Ability to project long-term response to treatment with abiraterone acetate + prednisone

A report published yesterday on the OncLive web site discusses a presentation by Dr. Howard Scher at the 2013 European Cancer Congress in Amsterdam. Dr. Scher reported that a panel of biomarkers could identify men with metastatic, castration-resistant prostate cancer (mCRPC) who were responding well or less well to treatment with abiraterone + prednisone.

According to the report, Dr. Scher provided data in his presentation to support the two following concepts:

  • The number of circulating tumor cells (CTCs) in combination with serum levels of lactate dehydrogenase (LDH) can predict how well abiraterone acetate + prednisone has worked at 12 weeks after initiation of therapy
  • If the combination of abiraterone acetate + prednisone has not provided a substantial clinical benefit at 12 weeks, no further improvement in patient outcome can reasonably be expected.

The data presented by Dr. Scher were based on a pre-specified, individual risk assessment of 711 patients with (we think) chemotherapy-naive  mCRPC who participated in the second major randomized Phase III clinical trial of abiraterone acetate + prednisone vs. a placebo + prednisone (the COU-AA-302 trial). Whether it was the COU-AA-302 trial or the COU-AA-301 trial in men who had previously received docetaxel-based chemotherapy is not clear from the report.

Dr. Scher is quoted as having said in an interview that

[T]he probability of being alive at 2 years was 46 percent for patients in a good risk category, while if patients were in a high-risk category at the same time point, the probability of being alive was 2 percent.

During the clinical trial, these 711 patients had a variety of markers measured on a regular basis, specifically including their CTC level (monthly), their LDH level, and their PSA level (only after 12 weeks). The patients were divided into three groups:

  • “High-risk” if their CTC count was ≥ 5 and their LDH level was  > 250 IU/l
  • “Intermediate-risk” if their CTC count was ≥ 5 but their LDH level was ≤ 250 IU/l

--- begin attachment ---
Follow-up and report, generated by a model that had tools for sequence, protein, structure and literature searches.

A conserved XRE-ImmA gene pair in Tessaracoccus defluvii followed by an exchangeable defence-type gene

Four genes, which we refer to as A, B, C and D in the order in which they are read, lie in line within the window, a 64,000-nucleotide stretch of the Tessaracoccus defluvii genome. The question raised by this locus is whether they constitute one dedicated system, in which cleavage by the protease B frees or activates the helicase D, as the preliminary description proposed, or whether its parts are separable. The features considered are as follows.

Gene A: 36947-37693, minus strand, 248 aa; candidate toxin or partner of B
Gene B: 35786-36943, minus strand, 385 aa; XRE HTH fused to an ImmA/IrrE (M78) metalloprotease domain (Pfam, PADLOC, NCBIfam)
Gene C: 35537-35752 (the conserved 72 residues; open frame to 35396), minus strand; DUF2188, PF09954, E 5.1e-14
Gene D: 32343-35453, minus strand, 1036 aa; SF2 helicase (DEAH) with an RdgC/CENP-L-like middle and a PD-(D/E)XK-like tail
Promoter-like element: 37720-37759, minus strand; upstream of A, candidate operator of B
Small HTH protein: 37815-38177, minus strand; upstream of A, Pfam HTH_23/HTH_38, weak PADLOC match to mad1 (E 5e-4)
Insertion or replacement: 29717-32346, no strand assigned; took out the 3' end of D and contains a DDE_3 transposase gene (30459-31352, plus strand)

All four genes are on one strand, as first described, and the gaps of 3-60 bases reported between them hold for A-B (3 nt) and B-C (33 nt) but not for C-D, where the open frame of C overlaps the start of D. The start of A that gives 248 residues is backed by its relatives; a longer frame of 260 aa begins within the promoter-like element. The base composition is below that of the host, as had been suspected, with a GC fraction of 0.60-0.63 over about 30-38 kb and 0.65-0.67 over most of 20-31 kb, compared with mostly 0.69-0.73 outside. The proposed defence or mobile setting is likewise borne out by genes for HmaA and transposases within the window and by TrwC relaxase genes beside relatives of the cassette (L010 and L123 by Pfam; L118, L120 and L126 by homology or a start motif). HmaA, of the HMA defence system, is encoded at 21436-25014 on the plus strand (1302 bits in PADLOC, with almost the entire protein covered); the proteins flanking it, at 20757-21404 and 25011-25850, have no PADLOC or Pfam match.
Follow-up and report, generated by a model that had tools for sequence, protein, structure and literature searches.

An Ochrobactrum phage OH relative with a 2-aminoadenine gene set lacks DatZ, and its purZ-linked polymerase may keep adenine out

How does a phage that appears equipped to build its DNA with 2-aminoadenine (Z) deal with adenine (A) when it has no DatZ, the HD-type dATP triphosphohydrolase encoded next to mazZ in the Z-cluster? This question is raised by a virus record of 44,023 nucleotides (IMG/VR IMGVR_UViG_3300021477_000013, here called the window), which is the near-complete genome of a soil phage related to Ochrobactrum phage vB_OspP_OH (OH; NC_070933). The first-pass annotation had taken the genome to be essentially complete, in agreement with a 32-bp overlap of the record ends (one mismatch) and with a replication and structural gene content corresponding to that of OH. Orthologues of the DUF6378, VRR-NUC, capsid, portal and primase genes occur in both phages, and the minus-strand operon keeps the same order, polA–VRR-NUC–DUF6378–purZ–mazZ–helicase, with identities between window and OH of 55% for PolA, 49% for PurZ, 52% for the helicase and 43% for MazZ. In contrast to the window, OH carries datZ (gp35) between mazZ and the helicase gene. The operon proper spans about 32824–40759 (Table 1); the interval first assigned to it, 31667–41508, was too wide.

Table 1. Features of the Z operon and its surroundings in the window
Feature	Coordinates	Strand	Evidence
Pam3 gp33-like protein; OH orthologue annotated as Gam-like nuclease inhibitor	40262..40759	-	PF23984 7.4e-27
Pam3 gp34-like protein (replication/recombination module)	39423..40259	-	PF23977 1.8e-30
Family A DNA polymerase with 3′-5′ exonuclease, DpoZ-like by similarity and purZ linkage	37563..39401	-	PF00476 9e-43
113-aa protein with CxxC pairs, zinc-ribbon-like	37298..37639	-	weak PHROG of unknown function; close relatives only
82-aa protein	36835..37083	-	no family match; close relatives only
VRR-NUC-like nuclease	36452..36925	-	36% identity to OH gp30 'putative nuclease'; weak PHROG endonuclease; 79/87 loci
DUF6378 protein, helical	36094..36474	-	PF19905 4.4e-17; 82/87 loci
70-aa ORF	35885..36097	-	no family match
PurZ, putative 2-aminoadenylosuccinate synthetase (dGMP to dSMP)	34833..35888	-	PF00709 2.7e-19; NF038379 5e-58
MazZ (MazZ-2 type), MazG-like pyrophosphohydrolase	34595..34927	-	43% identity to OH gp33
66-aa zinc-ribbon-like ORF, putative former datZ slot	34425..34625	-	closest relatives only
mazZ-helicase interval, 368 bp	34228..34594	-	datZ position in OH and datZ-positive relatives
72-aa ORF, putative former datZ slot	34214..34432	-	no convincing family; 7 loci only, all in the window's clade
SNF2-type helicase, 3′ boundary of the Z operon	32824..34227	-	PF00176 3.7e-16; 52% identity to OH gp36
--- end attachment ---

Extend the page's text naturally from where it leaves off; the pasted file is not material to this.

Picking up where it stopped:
• “Low-risk if their CTC count was ≤ 4 and their LDH level was within the normal range.

They then demonstrated that, at 12 weeks after initiation of treatment with abiraterone acetate:

  • 46 percent of patients with low-risk disease according to the above criteria were still alive after 2 years on treatment.
  • Just 2 percent of patients with high-risk disease were still alive after 2 years on treatment.

The authors applied the Prentice criteria in the assessment of whether this combination of biomarkers offered an accurate method to predict actual 2-year survival (as demonstrated in the individual trial results).

These data appear to provide us with a way to determine which patients should be maintained on abiraterone acetate for a period longer than 12 weeks and which patients should be advised to consider an alternative management strategy after such a time period. Dr. Scher was very clear about this in a second statement given during an interview, pointing out that the difference between 46 percent survival and 2 percent survival

… is a huge difference, and it’s telling us that the 12-week post-treatment measurement of this biomarker gives you a pretty good estimate of a patient’s prognosis. We would argue that if patients are still in a high-risk category at the 12-week point, physicians should consider doing something else.

2 Responses

  1. Thank you. I have a question. My friend has been on abiraterone for about a couple years now. What can we expect for him?

  2. Dear Samuel:

    We really have no clear idea yet what the upper limit is for good response to a drug like abiraterone acetate. If your friend is still responding well after 2 years on therapy, then all we can really say is “Good for him” and that we hope he goes on responding well for at least another 2 years, by which time we might have another breakthrough drug available for him to be able to use.

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